Barnevelders originated in the Netherlands near the town of Barneveld, at the beginning of the Twentieth Century. They were first brought to Britain in the early 1920s and were bred as a good utility bird until after World War Two. Since the 1950s, like all pure breeds, they have largely been replaced by hybrids for utility purposes and are often better lookers than they are ‘do-ers’. Despite that, if you can get a utility strain, I would recommend them as the ideal smallholder’s bird, or for someone starting with chickens for eggs and meat who does not want to go the hybrid route.

Purebred double-laced Barnevelders from a good strain will produce around 200 eggs each hen per year and the cockerels make a good killing weight of about 7lb after about six months. Their plumage is a rich brown with the characteristic ‘lacing’ in black around the outside of each feather. The cockerels and pullets have bright yellow legs, as do the hens at the start of the laying season, although they pale as the season goes on. Barnevelder eggs are dark brown, again very dark at the beginning of the season and paling slightly towards the end.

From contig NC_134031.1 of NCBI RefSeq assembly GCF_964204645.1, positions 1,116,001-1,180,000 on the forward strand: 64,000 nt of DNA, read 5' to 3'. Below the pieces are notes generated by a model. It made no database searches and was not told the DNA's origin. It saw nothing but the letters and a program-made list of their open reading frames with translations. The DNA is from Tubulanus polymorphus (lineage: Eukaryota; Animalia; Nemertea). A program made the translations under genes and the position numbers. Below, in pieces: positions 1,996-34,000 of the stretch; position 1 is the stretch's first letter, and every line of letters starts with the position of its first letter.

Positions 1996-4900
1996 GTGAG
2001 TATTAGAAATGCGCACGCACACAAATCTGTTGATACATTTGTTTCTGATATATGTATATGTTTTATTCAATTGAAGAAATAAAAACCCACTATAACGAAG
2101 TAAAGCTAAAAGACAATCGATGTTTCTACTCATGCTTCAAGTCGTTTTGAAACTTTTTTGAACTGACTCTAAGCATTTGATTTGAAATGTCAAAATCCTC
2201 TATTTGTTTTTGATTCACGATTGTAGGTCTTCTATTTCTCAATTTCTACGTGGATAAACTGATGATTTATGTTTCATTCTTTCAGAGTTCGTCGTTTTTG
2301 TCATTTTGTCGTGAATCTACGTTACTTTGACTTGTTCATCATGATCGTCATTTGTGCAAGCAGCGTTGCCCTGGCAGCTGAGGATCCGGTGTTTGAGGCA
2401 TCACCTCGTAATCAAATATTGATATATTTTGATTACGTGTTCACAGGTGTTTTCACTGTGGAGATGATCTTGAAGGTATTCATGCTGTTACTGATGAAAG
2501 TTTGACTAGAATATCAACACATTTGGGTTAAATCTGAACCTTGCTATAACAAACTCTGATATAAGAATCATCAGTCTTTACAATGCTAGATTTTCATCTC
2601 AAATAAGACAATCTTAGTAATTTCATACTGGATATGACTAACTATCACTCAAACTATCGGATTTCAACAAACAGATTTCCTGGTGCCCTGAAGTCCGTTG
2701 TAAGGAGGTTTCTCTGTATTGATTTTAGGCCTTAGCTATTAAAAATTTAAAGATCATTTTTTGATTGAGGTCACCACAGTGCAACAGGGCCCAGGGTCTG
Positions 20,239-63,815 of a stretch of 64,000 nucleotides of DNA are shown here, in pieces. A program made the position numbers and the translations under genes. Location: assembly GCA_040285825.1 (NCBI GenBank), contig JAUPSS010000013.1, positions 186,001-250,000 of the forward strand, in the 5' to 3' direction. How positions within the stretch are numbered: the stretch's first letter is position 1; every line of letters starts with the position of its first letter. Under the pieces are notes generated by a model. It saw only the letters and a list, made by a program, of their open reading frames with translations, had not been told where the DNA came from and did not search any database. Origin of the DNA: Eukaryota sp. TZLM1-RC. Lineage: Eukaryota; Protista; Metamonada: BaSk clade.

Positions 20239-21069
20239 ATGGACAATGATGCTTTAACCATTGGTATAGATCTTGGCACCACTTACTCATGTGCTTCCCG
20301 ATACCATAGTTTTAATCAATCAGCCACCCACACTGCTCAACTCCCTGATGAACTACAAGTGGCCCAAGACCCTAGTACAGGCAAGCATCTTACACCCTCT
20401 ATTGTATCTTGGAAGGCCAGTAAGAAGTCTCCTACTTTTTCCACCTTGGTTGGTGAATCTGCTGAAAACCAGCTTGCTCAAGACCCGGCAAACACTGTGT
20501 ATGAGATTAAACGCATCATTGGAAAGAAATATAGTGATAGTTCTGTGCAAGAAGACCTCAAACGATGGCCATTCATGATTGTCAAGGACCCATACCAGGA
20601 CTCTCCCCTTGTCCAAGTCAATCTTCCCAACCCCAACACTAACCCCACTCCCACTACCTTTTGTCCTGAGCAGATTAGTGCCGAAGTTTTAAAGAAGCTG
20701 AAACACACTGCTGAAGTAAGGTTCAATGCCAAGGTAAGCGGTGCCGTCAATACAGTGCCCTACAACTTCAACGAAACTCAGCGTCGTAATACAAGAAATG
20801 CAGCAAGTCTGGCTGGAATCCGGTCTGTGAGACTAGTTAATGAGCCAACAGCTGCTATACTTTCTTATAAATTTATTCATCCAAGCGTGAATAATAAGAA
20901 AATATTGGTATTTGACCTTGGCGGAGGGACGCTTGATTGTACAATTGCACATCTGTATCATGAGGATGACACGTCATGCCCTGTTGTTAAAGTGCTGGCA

They are a good-tempered, inquisitive, friendly breed suitable as garden hens as well as a free-range flock.